It is also known for a fact that Heisenberg was stuck. Extensive research had been carried out by various scientists under the Uranverein, between September 1939 and June 1942, but no actual nuclear weapon had been developed. In June 1942, during a meeting with Albert Speer, Germany’s Minister of Armaments, Heisenberg informed him that it would take at least three more years to build a nuclear bomb.

An Image of Danish physicist Niels Bohr.
Danish physicist Niels Bohr, with whom Werner Heisenberg met in Copenhagen during World War II. (Image: AB Lagrelius & Westphal/Public domain)

There was a minor (or rather subtle) error in Heisenberg’s work, which prevented him from building a nuclear weapon for the Nazis. Heisenberg had traveled to Denmark during this period to meet his former mentor and colleague Niels Bohr, the Danish physicist and a major contributor in developing a deeper understanding of the atomic structure and quantum theory. After this meeting, Heisenberg and Bohr never spoke again, but we do not know what was said during this meeting.

Over the years, historians have put forward three hypotheses. The first claims that Heisenberg was working with utmost seriousness towards building an atomic weapon for Nazi Germany. When he got stuck, he reached out to Bohr for advice and help. On learning that Heisenberg was working for the Nazis, Bohr refused to help him. This led to a falling out between the two and that’s why they never spoke again.

The second hypothesis claims that Heisenberg, in fact, was conflicted about his involvement with the Nazis. He didn’t want to help them, but neither did he want any harm to come his or his family’s way. This is understandable given the irrationality of the Nazis. Hence, he couldn’t refuse them. This is the reason why he met Bohr, his old mentor, for fatherly advice. They discussed politics and a possible course of action for Heisenberg and physics never came up.

Finally, the third hypothesis claims that Heisenberg had been pretending to work on an atomic bomb all along. He had no intention whatsoever to build such a weapon for the Nazis. In fact, he intended to sabotage the effort. This is where Bohr comes into the picture. The error that would sabotage the effort had to be subtle so it eluded the attention of other scientists in Germany and he needed Bohr’s help for this.

Learn more about Extra Dimensions.

There is no way for us to know which of these three scenarios is true or if there exists a fourth version. If we view this through the lens of quantum mechanics, we can posit that since the system is unobserved, it’s in a superposed state. In Copenhagen, Frayn traces out each of these possibilities in the three acts of the play. Since we didn’t observe it, all three are brought to life. Is there one that really occurred or, as Everett would have it, are there three worlds—in each a different possibility being the real one?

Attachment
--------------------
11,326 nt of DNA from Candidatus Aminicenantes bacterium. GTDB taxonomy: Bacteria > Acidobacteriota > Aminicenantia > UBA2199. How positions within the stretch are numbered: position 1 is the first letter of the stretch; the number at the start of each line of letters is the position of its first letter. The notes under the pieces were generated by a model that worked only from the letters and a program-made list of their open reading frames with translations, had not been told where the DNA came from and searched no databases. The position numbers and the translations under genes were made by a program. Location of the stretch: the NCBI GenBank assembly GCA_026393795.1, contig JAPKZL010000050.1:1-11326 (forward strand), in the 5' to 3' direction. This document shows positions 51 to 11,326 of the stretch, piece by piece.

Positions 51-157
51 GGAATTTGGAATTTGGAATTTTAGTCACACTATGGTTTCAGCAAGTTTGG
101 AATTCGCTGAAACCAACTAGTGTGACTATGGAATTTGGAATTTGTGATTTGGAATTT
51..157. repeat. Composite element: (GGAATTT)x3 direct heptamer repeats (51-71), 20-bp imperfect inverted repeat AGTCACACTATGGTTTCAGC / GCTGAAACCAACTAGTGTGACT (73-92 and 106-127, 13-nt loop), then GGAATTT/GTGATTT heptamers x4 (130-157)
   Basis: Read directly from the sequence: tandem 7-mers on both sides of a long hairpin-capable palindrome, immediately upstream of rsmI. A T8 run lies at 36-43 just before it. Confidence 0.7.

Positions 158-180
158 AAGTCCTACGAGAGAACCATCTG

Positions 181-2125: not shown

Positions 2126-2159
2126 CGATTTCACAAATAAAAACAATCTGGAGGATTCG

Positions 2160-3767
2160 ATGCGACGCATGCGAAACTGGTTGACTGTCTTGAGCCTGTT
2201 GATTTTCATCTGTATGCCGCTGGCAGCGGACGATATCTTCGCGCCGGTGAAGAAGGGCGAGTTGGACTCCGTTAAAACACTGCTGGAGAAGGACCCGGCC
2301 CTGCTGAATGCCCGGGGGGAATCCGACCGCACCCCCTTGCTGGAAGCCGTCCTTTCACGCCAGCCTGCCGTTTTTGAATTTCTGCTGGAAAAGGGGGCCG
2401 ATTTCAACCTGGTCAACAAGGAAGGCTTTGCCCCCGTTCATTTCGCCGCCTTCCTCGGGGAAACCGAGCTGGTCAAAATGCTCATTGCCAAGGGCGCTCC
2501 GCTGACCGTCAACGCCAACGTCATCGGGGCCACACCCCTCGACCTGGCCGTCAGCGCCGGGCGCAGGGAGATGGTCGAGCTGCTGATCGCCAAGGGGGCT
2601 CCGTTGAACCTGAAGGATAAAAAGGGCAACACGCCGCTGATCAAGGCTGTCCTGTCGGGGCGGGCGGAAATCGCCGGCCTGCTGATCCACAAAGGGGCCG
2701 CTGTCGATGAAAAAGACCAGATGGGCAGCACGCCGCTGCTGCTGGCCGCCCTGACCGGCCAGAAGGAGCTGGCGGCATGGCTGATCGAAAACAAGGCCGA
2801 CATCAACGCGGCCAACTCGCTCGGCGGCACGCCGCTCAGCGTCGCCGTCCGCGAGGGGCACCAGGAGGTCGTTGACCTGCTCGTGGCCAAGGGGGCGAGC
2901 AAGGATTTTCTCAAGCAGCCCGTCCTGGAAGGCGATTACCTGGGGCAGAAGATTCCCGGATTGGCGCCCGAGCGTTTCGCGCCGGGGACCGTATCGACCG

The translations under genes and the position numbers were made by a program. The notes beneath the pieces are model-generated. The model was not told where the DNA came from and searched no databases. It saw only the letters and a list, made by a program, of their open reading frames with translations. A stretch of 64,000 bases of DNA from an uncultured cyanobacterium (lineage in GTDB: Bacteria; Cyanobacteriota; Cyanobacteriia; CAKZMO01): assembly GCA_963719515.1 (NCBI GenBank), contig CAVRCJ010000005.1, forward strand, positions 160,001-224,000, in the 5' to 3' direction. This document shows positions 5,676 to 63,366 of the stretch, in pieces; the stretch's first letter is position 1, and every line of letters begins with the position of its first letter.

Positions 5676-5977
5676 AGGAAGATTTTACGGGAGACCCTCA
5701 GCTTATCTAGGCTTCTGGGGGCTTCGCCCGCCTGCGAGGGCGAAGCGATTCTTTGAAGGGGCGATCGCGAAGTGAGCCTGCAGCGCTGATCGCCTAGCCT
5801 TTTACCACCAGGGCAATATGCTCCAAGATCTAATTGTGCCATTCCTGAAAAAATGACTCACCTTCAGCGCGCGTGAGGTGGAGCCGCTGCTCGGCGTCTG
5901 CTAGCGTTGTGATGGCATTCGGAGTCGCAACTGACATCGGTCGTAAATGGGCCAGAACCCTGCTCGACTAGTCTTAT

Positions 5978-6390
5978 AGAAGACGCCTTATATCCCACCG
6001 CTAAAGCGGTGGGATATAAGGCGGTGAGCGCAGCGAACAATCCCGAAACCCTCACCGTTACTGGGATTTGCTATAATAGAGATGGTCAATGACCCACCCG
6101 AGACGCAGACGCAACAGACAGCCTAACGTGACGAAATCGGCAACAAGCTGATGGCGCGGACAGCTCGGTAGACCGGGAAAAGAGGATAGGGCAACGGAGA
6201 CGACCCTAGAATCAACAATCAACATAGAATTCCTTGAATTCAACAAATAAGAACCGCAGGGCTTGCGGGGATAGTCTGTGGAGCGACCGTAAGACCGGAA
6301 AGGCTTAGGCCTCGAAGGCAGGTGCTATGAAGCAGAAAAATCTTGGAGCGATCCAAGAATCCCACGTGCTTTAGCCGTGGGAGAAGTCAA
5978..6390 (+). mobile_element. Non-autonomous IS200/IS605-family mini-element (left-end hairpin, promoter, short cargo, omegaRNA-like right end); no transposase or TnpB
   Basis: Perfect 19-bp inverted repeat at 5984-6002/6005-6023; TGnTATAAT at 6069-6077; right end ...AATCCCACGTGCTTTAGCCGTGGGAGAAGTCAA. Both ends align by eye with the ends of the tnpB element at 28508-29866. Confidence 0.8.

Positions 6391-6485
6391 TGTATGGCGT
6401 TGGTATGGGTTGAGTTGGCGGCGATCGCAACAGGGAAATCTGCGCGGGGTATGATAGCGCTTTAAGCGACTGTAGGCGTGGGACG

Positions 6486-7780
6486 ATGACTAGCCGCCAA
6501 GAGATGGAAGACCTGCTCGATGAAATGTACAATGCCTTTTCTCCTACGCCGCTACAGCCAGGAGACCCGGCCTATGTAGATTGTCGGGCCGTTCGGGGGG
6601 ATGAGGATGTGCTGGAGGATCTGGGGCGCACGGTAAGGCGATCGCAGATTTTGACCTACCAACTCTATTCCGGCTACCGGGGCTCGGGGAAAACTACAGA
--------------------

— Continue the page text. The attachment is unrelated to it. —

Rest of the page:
Common Questions About The Nature of Reality

Q: Is Many-Worlds Interpretation (MWI) Deterministic?

American physicist Hugh Everett had proposed the many-worlds interpretation. It is deterministic in nature. It attempts to explain why the world can appear to be indeterministic to human observers, i.e., scientists.

Q: What Is the Wave Function of the Universe?

The wave function, which is also referred to as a state variable, is a key component of any theory. The wave function of the universe is known as the Hartle-Hawking state, named after American physicist James Hartle and English theoretical physicist Stephen Hawking. It’s used to determine the start of the universe. Feynman’s path integral is used to calculate this wave function.

Q: When Did the German Nuclear Weapons Program Begin?

The first attempt at establishing a German nuclear weapons program happened in April 1939, but this effort fizzled out a few months later. In September 1939, Germany made a second attempt at establishing this program, which was known as Uranverein. This second attempt coincided with the start of World War II.

Q: What Does It Mean to Define Reality?

To put it simply, reality represents the state of things in the form they actually exist. It doesn’t take into account how things may appear to exist or as they may be imagined to exist. It includes all that currently exists and all that has existed, irrespective of whether human consciousness can observe or comprehend it or not.